Court funding crisis: my ideas to stop the bleeding

An informative article from But there is more to the crisis than just foreclosures. There’s a lot that can be done to cut costs.

Prosecutors, please have some basic professionalism. I constantly have trouble resolving cases because I can’t get the prosecutor to call me back. I dont know what a single hearing costs, but double or triple that cost depending on the number of times it has to be reset because the prosecutor “still has to talk to the accuser” or “my chief isn’t here, so I can’t get an answer.” Return phone calls and move the cases. Tightening up in that regard could cut down on tens of thousands of hearings yearly.

Next, stop overcharging people and forcing lengthy litigation. If my client shouldn’t have to plea to something you can’t prove, we’re having a trial. Charge what you can prove, make a reasonable offer, and defendants will resolve their cases.

On that note, be reasonable. Not every person needs to be adjudicated. Not every person needs jail time. Offer pre-trial intervention for first-timers. Offer “time served” for petty cases. Shorten your long probation offers. And STOP LETTING YOUR SO-CALLED “VICTIMS” RUN YOUR PROSECUTIONS.

Prosecutors, send me the discovery you are required to send by rule. Look at your case up front, and get your act together. Order the reports, photos, videos, etc at the beginning of the case and turn them over. Don’t parse out the discovery disclosure here and there, and don’t make me beg for it. That results in unnecessary continuances and wasteful hearings.

Judges, permit defendants to waive their presence at court. Knock out 2/3s of the everyday courthouse traffic, and you won’t need so much security. Plus, end the docket quicker and those prosecutors can work on their cases (see above). This concept of “I want the defendant present” for no reason, and when you don’t even look at them when they are there, is so wasteful.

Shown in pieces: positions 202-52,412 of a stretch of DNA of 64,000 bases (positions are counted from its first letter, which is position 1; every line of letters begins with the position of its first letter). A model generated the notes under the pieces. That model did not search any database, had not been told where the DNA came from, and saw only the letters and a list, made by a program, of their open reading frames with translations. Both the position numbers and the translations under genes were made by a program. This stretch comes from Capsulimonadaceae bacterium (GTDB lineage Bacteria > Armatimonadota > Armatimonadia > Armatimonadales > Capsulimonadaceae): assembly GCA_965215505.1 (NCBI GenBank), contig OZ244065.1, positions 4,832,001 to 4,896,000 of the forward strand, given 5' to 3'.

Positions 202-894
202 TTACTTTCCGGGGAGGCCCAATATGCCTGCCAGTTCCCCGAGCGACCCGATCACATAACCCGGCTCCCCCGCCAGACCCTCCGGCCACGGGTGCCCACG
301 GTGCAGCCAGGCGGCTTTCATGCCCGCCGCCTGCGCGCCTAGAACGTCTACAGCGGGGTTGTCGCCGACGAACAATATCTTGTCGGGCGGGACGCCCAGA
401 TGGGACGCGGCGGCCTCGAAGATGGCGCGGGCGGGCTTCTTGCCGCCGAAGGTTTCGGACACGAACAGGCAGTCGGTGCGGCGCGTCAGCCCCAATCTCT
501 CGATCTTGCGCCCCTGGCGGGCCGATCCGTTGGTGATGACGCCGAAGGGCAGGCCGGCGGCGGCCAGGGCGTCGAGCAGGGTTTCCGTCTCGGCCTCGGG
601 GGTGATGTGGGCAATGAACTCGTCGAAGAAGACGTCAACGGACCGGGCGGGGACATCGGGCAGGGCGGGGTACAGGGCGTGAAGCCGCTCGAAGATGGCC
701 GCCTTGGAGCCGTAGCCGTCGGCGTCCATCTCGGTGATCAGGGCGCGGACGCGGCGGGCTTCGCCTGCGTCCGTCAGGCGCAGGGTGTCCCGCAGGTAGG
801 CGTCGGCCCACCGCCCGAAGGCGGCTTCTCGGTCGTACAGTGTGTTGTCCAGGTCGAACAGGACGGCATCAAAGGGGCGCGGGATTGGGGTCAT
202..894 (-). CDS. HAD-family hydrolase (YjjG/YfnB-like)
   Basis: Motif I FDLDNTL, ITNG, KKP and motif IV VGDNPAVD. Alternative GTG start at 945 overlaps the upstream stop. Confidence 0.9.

Judges, if someone does fail to appear, set a bond on the capias. That way we don’t have to have a bond hearing, at which time you’ll usually reinstate bond anyway. Cut to the chase.

Don’t transport jail defendants for every little hearing. Not every hearing is a “critical” hearing that legally requires their presence. That would save millions on transport and security.

Judges, train your judicial assistants to work as hard and as long as you do. We all know which JA’s I’m talking about – the ones that won’t give us a simple, 5-minute hearing tomorrow that can resolve the case (instead telling us there’s “no time” or “we only do those hearings once a month”). Move the meat!

Clerks, get your funding right and get electronic. The Federal Courts use PACER and CMECF, both of which are flawless. That will save money on labor, paper, postage, storage, etc – and make the system more efficient. U know: I practice in the Federal system, and I can vouch for it.

Public defenders, permit your clients to plea at arraignment if they so desire. Your funding is different from that of the court. You get more money if a client pleads AFTER arraignment. But resetting a case for a day, week, or month later, costs the courts money. Your policy of “no plea at arraignment” gets you additional funding yet loses money for the court system – all while the defendant sits in jail for that extra time. Seriously!!

While the foreclosure crisis is having a heavy toll, it’s not the only hemorrhage in the system. There are more cost-saving ideas we could come up with. I urge everyone to listen and work toward implementing cost-cutting policies as soon as possible.